Arnold I. Burns ’50, a prominent attorney, Justice Department official and trustee emeritus who served as chairman of the College’s Board of Trustees from 1982 to 1986, died Tuesday, Oct. 1, 2013. He was 83.
“The loss of Arnie Burns is a great loss for Union,” said President Stephen C. Ainlay after funeral services on Thursday in New York City. “He was a remarkable individual who served both College and country with distinction. It has been my pleasure to get to know him. In every way, he was a truly loyal son of Union whose leadership set the stage for the success we enjoy today.”
As a student, he was active in the Pre-Law Society, International Relations Club, Garnet, Alpha Phi Omega and Kappa Nu. As an alumnus, he was an admissions interviewer, class agent, national chairman of two Annual Funds, Alumni Council member, chairman of the Terrace Council and chairman of the Campaign for Union. He received the Gold Medal of the Alumni Council in 1980, and the Founders Medal for outstanding service in 1986.
During his tenure on the board, the College completed two major campaigns, developed a revised curriculum known as GenEd, and did extensive renovations of the College Center (later Reamer Campus Center) and Alumni Gymnasium.
After graduating with honors from Union with a degree in political science, he earned a law degree from Cornell University School of Law in 1953, and then spent four years with the Army Judge Advocate General. He formed a law firm – Burns Summit Rovins & Feldesman – and spent 25 years practicing corporate and securities law before joining the Justice Department.
He was named associate attorney general in 1985, and a year later was promoted to deputy attorney general by President Ronald Reagan. He resigned in protest in 1988 as Attorney General Edwin Meese III was being criticized for his handling of the Iran-Contra scandal. Meese resigned several months later.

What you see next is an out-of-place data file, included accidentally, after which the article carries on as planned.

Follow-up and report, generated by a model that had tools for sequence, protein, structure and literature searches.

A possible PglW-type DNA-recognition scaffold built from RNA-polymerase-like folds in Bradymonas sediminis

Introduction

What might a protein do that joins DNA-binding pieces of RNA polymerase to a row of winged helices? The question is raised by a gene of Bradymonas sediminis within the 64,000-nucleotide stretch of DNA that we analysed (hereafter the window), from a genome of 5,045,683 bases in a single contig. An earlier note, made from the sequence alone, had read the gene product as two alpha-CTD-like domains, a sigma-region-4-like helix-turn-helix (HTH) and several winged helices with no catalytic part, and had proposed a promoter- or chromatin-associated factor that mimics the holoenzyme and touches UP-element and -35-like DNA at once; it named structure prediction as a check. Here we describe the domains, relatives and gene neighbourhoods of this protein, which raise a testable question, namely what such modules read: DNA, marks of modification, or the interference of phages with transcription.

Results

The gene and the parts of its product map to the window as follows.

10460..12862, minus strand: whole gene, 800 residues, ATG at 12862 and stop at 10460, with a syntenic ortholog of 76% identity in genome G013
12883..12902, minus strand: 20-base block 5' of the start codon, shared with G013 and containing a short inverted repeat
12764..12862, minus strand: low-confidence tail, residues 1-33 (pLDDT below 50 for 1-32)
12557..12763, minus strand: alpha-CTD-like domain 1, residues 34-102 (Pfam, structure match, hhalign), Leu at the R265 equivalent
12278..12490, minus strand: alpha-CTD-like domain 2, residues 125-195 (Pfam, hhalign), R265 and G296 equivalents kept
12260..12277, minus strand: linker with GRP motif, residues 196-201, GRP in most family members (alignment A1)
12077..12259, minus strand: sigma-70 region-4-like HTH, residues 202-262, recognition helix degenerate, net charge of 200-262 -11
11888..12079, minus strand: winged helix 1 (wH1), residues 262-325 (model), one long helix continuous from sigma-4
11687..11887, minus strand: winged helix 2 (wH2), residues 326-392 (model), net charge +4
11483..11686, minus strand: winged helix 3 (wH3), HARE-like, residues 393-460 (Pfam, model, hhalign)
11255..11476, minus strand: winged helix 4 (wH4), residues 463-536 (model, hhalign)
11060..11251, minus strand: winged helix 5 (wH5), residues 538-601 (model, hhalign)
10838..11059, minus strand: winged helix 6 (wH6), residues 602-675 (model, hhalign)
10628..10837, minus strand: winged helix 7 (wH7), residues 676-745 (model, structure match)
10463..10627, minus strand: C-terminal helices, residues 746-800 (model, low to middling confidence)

After his time with the Justice Department, he joined Proskauer Rose Goetz & Mendelsohn, staying there for about 10 years before moving to an investment firm and establishing a consulting firm.
Active in a number of charities, he was national chairman of Boys and Girls Clubs of America, and chairman of the International Center for Missing and Exploited Children.
A well-known raconteur, he published a memoir, Prepare to Be Lucky, and two books of jokes. He and his wife, Felice, donated the Herman and Rose Burns Print Collection from which many prints are on display in a current Mandeville Gallery exhibition. He and his family also donated the funds to create the Burns Arts Atrium, the main gallery in the Arts Building.
Survivors include his wife of 62 years; and two children, Linda ’75 and Douglas ’79.
To read his obituary in the New York Times, click here.